Previously, I explained in general terms what Alexander’s formula is and how you can (it was claimed) use it to calculate the speed of a dinosaur. Today, I’ll talk about the biomechanical modeling approach, then discuss some of the problems and uncertainties of both methods, and especially the issue that struck me as “just wrong” and illogical. And then we get to the meat: I’ll explain what the underlying assumptions of both methods are, why this basic tenet is wrong.
Dinosaur speeds – how do we determine them, part 2?
A smart and very detailed approach to estimating how fast a dinosaur could move is biomechanical modeling. Where Alexander’s formula (and, btw, it derivate, Thulborn’s formula for running gaits. More on that later.) uses tracks and extrapolation from living animals, biomechanical modeling looks at the skeletons and compares to extrapolations from extant animals.
A prime example, and the most detailed application I have so far seen, is the work done on Tyrannosaurus rex by John Hutchinson and colleagues using the modeling program SIMM by Musculographics. You can get an excellent introduction and summary of their first (Hutchinson and Garcia 2002) paper here in a popular article by A.A. Biewener. Simply said, John and his co-authors looked at the amount of extensor muscles in the leg, which counter the ground reaction force, and the moment arms of the muscles. There’s a lot of uncertainty involved, especially in the moment arms, but it was quite clear that a T. rex has way too little ability to create torques (force times moment arm) in the limb joints to run like a scaled-up chicken. The big problem for Rexy is that when you get bigger, volume (thus weight) goes up by the cube, whereas forces go up by the square (muscle cross section). So you need more than proportional muscle masses and/or moment arms. At the same time, your bones also grow in strength by the square, while weight goes up by the cube, so you need much stronger bones to support your much bigger weight, which adds even more weight…. it is a runaway thing, and large animals to a certain degree counter it by a more straight limb posture. But that has limits, and then you’re forced to abandon gaits that create very high loads on the limbs. Elephants don’t trot and gallop for a reason.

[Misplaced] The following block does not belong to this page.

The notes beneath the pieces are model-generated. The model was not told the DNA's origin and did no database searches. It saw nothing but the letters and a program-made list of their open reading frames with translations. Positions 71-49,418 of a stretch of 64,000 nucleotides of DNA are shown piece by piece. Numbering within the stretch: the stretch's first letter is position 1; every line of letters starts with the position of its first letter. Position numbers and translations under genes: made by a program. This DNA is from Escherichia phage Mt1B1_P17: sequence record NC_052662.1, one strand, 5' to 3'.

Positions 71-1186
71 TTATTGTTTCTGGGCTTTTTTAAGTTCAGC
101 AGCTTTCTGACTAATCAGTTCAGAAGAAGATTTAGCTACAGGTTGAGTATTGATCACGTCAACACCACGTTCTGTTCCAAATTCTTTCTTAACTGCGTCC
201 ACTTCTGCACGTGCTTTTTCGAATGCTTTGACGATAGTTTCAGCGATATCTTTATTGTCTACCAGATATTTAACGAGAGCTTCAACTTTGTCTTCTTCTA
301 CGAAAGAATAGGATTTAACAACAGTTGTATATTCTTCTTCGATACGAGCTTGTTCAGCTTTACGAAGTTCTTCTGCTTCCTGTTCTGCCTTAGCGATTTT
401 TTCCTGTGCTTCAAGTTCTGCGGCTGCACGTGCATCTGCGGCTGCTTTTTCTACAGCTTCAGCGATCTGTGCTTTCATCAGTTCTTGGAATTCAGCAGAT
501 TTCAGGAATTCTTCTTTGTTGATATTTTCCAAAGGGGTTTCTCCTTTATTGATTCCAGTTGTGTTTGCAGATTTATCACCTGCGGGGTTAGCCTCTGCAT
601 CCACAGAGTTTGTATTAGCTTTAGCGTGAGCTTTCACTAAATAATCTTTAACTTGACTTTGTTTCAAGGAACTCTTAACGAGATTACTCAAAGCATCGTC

John and colleagues later followed up the short Nature article with a detailed and long paper in 2005, which took the model from 2D to 3D (Hutchinson et a. 2005). It was decidedly more accurate, and found even smaller moment arms. Oops!
Now, it must be said that potentially, the SIMM models used for these studies had too little cartilage in the joints, but correcting that can’t change the results significantly.
Fast dinosaurs – an open and shut case?
Overall, it looked like dinosaurs were pretty slow. But then I kept finding contradicting evidence. Aside from the “why didn’t they ever ADAPT for higher speeds?” question, what got me wondering was the huge moment arm of the caudofemoralis longus muscle (CFL). I don’t mean “huge”, I mean huge as in
In sauropods and hadrosaurs, the fourth trochanter, where the CFL attaches to the femur, is close to or halfway down the femur shaft. Add to that the fact that the CFL pulls in a nearly orthogonal direction, thus creating very little compression in the hip, and you have a system that can pull the entire limb back with a tremendous amount of power – for relatively little muscle mass. Remember, torque = force * moment arm! Double the latter, which requires a tiny shift in where you attach the muscle, and PRESTO you gain as much as you would from doubling the muscle cross section! That’s why mammals have the large cnemial crests and calcaneal tubers, they increase the forces for extending knee and ankle……. hm, isn’t that odd? I means, just plain weird? If it can be done so cheaply, why don’t dinosaurs have such a nifty tuber on the ankle? Why do most dinosaurs have small to inexistent cnemial crests on the fronts of their tibiae? And having a large bony patella can help as well – and ossifying a part of a large tendon, well, where’s the problem?